Time Out has a Kano interview for his new album. Her from the UK Grime rapper, and find out more about the scene, including Skepta, Dizzee and more
It’s taken more than ten years, but grime has finally spiked to become one of the most exciting musical genres in the world right now. Fiercely independent MCs from London (where the genre originates) are redefining the music industry by trouncing the chart positions of major-label releases with their self-funded freestyles.
Founding father of the scene, Kano, has spent the past five years touring with Gorillaz and appearing in the UK’s Channel 4 drama Top Boy (think The Wire set in London’s Hackney).
In the early noughties, Kane “Kano” Robinson was one of grime’s brightest lights alongside Wiley and Dizzee Rascal. So renowned was he for his clever metaphors and love of sensitive lyrical wordplay that he was basically the Mos Def of Newham. His new album (his fifth), Made in the Manor, is a return to his introspective best: dense with personal lyricism, deft wordplay and the odd emotive, piano-stoked tear-jerker. We caught up with him to find out about coming back to grime.
You’re ten years into the industry now. Isn’t this meant to be the stage where you do a Jay Z and start rapping about all your gold Rolexes? It’s funny, really. Because Jay Z is keeping it real. He just isn’t keeping it interesting. I don’t want to say things like: “I went to buy two Rolls Royce Phantoms but they only had one left.” I’d rather talk about things that ordinary people can relate to, even if it’s old relationships or stuff that happened in my past. Look at The Beatles: they wrote a lot of their songs when they were rich. How come singers can talk about a previous break-up they went through, but rappers can’t talk about stuff they’ve experienced in the past? It shouldn’t be a problem, really.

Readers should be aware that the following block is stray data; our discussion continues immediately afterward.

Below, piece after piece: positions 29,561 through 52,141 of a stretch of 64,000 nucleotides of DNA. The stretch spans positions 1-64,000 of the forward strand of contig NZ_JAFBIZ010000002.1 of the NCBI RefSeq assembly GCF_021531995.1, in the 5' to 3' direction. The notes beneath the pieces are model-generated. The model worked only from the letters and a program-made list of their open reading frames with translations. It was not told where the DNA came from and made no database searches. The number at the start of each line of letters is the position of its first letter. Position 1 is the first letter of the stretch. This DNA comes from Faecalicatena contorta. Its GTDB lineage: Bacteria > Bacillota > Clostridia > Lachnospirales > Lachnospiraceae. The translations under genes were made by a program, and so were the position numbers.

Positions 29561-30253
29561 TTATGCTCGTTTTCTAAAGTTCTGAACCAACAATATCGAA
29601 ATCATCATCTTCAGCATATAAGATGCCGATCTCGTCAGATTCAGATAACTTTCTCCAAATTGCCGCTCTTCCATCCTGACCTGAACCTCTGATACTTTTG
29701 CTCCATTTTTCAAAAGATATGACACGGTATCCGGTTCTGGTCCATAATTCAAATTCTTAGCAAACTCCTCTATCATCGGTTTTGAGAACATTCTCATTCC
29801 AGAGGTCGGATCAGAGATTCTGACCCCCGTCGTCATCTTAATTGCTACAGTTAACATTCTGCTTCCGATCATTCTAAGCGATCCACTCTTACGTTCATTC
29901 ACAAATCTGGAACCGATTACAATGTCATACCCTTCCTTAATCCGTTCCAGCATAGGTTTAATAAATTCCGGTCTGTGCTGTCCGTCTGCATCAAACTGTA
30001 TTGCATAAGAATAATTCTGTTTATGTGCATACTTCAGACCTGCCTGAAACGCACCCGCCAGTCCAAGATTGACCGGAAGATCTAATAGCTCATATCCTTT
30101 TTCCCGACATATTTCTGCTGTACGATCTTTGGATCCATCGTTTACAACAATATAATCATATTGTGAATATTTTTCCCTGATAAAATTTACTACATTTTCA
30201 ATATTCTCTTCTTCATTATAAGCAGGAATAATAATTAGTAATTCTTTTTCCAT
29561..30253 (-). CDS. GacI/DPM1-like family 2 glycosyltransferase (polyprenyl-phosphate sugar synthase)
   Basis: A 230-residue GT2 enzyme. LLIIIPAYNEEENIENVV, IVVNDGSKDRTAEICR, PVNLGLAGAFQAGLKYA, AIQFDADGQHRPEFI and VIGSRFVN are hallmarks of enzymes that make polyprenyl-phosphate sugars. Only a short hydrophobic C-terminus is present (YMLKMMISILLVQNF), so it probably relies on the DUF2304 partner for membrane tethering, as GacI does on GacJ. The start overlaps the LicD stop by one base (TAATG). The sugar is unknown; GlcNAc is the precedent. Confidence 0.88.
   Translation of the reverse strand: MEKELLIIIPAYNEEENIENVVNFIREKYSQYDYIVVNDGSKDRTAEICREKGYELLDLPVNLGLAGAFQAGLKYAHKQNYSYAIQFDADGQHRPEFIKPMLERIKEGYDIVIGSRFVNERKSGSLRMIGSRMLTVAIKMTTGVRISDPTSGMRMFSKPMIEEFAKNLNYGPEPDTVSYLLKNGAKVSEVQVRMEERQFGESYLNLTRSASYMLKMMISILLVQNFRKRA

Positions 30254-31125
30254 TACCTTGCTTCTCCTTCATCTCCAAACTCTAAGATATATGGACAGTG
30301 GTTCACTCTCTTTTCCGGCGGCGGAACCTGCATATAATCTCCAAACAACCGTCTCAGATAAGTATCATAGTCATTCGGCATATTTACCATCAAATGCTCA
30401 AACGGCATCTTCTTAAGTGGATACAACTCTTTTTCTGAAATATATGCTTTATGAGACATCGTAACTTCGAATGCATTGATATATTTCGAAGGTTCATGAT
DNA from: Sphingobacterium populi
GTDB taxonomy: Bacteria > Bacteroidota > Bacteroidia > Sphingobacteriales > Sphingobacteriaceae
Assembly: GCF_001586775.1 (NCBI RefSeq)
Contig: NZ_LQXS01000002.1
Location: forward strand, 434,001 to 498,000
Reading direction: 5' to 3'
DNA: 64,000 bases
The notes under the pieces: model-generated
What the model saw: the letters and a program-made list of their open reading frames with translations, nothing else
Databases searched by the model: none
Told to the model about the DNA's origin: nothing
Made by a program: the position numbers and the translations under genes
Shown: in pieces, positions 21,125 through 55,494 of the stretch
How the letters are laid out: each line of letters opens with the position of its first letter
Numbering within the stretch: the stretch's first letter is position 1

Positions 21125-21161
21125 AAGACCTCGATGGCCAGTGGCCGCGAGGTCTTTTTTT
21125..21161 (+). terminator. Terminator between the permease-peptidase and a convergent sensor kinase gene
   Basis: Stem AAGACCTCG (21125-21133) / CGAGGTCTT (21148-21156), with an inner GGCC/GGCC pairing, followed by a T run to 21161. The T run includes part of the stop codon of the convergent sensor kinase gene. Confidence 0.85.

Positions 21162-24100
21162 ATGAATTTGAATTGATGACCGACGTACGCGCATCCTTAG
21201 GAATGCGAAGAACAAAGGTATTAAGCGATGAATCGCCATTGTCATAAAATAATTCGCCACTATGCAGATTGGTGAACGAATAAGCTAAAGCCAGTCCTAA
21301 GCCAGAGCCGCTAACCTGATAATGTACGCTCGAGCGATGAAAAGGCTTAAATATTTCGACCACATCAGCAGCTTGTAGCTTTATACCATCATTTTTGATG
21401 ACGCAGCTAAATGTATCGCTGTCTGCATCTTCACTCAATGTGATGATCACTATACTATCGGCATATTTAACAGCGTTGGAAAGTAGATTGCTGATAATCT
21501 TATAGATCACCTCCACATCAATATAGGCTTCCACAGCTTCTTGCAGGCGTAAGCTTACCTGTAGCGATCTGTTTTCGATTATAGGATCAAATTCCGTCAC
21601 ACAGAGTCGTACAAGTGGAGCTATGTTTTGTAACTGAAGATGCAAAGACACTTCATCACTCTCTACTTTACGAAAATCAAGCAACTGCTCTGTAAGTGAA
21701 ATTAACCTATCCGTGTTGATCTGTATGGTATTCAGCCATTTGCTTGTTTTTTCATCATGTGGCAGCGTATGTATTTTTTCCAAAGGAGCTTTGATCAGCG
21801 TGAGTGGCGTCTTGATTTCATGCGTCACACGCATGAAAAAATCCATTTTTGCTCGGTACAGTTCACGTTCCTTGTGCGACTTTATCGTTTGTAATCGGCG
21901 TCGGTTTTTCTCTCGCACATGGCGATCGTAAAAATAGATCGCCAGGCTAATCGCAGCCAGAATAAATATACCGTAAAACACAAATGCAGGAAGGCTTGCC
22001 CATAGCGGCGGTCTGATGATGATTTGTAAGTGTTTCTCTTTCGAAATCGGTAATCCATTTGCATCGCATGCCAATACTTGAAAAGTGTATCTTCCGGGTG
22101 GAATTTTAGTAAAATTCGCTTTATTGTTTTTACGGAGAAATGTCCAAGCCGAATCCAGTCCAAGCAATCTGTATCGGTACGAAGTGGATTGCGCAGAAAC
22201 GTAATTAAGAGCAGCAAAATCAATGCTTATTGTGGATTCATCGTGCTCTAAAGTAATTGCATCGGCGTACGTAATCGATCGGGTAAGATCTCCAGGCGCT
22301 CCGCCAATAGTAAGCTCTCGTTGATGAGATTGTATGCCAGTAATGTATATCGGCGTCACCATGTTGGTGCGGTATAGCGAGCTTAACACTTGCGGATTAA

Are you proud that grime’s spread so widely? Yeah, it’s mad! It’s gone from us setting up decks in people’s mums’ kitchens to there being crews in Manchester, Japan, everywhere. Although grime’s still London’s music. Not in a way that we alienate anyone, but I still feel like it belongs to London. I guess that’s how the Bronx feel with hip-hop. Does grime need US stars such as Kanye and Drake to make it big? It’s becoming more apparent that America is influenced by us. I can clearly hear a lot of grime influence on Timbaland’s stuff, on some of Drake’s flows. It’s good that they’re starting to admit that. But we don’t need them to say we’re good before people believe we’re good.
What was it like touring with Gorillaz? It was surreal. We got to tour with some legends: Paul and Mick from The Clash. I got to meet Lou Reed and Bobby Womack before they died, too. I had some good conversations with Bobby. He’s got crazy stories. James Brown used to pick him up in a helicopter, take him up in the air and Bobby would say, “Where we going?” James Brown would say, “Nowhere”. They’d circle for an hour and that’d be it. His life was crazy!
Is there even the tiniest chance that we might see another series of Top Boy? You know, I feel like it’s just gotten bigger and bigger since it was cancelled. The weirdest thing is that Drake’s started proper supporting it. Every time he tweets or Instagrams about it, I can’t even walk down the street. Every petrol station I go into, people are like: “Top Boy’s coming back! Drake said it was!” and I’m just like: “Erm, I know nothing about this!” To be honest with you, though, I reckon series three will happen at some point.
Made in the Manor is available for download for US$9.99 (Dhs37) from itunes.apple.com.